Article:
Referring first to FIG. 1, a plurality of superconductor wires 10, 12, 14, 16, 18, 20, 22 are first twisted to form a cable 24. Each of the wires, e.g. 10, is typically 0.004 in. in diameter and each has an electrical insulating sheath 26 covering a strand (or strands) 28 of the superconductor such as niobium-titanium alloy. When seven wires are utilized as shown, the cable has a diameter of, for example 0.015 in. The strands 28 of superconductor material usually have a conductive cover (not shown), e.g. copper, which is then covered with the insulating sheath 26. This construction is well known by persons skilled in the art. A typically superconductor wire of this construction is that manufactured by Supercon, Inc., Shrewsbury, Mass. The degree of twist of the wires forming the cable is not critical to the construction as long as a wire periodically occupies a different radial position within the cable. Using this winding method, not only is winding ease facilitated due to fewer turns of cable being required, but winding reliability is increased since the cable being wound is much stronger than any single wire. By using this winding method, the only limitation seen to making lower and lower current magnets becomes the limitations associated with the manufacture of the superconducting wire itself.

As illustrated in FIG. 2, the cable is wound upon a suitable surface or "mandrel", in this case a cylindrical tube 30. Other configurations of a mandrel would be used to establish a desired configuration for the finished magnet. As the cable is wound in abutting relationship to previous turns, a suitable "potting" material 32 is applied such as a curable epoxy. Typically this epoxy can be "Stycast" as manufactured by Emerson and Cumming. In this manner all interstices between turns of the cable and all, or essentially all, interstices between wires of the cable are completely filled with the epoxy. In this manner there can be no movement of the wires during operation of the magnet. Furthermore, the epoxy forms a good thermal path between wires so as to provide plural and parallel paths for the dissipation of heat as such is generated at any location within the magnet. During the winding opposite ends of the cable are brought to a common location whereby interconnecting of the wires serially is easily accomplished. It will be understood by those skilled in the art that the magnet is completely immersed in a cryogenic fluid, such as liquid helium, during operation. This cryogenic fluid then receives any heat dissipated from the wires via the epoxy.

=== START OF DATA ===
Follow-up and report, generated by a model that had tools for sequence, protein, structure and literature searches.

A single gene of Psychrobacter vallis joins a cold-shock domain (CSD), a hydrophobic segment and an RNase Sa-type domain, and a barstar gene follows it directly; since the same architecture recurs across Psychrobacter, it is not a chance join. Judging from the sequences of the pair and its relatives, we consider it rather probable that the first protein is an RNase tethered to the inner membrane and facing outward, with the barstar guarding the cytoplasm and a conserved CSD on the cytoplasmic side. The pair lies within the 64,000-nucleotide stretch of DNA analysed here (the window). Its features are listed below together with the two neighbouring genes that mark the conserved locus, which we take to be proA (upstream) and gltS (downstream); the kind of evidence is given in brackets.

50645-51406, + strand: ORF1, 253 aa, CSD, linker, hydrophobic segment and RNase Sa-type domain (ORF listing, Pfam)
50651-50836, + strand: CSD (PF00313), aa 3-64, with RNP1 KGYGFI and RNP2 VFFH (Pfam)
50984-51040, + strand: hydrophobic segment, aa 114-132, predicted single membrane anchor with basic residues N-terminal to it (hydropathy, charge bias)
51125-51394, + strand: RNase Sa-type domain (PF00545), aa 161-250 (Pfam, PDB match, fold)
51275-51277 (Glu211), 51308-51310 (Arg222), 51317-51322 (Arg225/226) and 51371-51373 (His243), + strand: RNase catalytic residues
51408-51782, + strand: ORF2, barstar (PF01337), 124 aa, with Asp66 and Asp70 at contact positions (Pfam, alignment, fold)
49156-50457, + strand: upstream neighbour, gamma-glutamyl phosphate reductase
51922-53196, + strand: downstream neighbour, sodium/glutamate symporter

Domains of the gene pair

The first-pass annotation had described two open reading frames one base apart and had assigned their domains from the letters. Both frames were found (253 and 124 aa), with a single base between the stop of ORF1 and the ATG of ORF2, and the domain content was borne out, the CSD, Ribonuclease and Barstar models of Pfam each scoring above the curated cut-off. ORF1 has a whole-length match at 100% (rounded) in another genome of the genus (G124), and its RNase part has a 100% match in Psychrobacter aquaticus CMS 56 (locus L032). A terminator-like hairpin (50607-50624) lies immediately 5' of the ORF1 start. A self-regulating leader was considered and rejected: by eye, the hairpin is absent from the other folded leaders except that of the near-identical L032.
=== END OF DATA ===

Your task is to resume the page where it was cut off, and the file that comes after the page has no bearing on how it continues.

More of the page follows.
A schematic diagram of the magnet system showing the voltage surge (spike) protection of the present invention is illustrated in FIG. 3. As illustrated, the magnet 34 has seven winding segments corresponding to the seven wires of the cable. For example, a first end 36 of wire 10 is used to introduce current to the magnet. The second end 38 of wire 10 is joined to a first end 40 of wire 12, with the other wires serially joined as shown. The second end 42 of wire 22 forms the second lead to the magnet. This magnet has a typical persistant switch 44 made up of a shunt 46, a heater 48, a power supply 50 and a switch 52. This construction will be known to those versed in the art and will take on a configuration desired by user of the magnet. Furthermore, the magnet 34 is initially "charged" by a conventional power source 54, having an appropriate switch 56, with the leads 58 and 60 supplying the magnet. Operation of the magnet during the charging thereof also will be known by persons skilled in the art.

When a quench occures, a voltage spike occurs that is proportional to the inductance of the winding and the rate of change of current through the winding. This voltage surge can be very damaging to wires of the magnet since it can be of the order of several thousand volts.

Voltage surge protection is accomplished according to the present invention by "shunting" each of the winding segments (wires) with a voltage limiting device such as at 62 and 64. Due to the proximity of the various ends of the wire, these protection devices are easily introduced into the circuit. In the embodiment illustrated, the voltage limiting device is a pair of back-to-back diodes, e.g. 66, 68. Typically these can be type MR-751 as manufactured by Motorola. For some applications a resistor across each winding segment (wire) in place of the diodes will accomplish sufficient voltage limiting to prevent damage to the wires during a quench. For this a cryogenically rated resistor of about one ohm can be used. Diodes, however result in a lower energy loss than the resistors.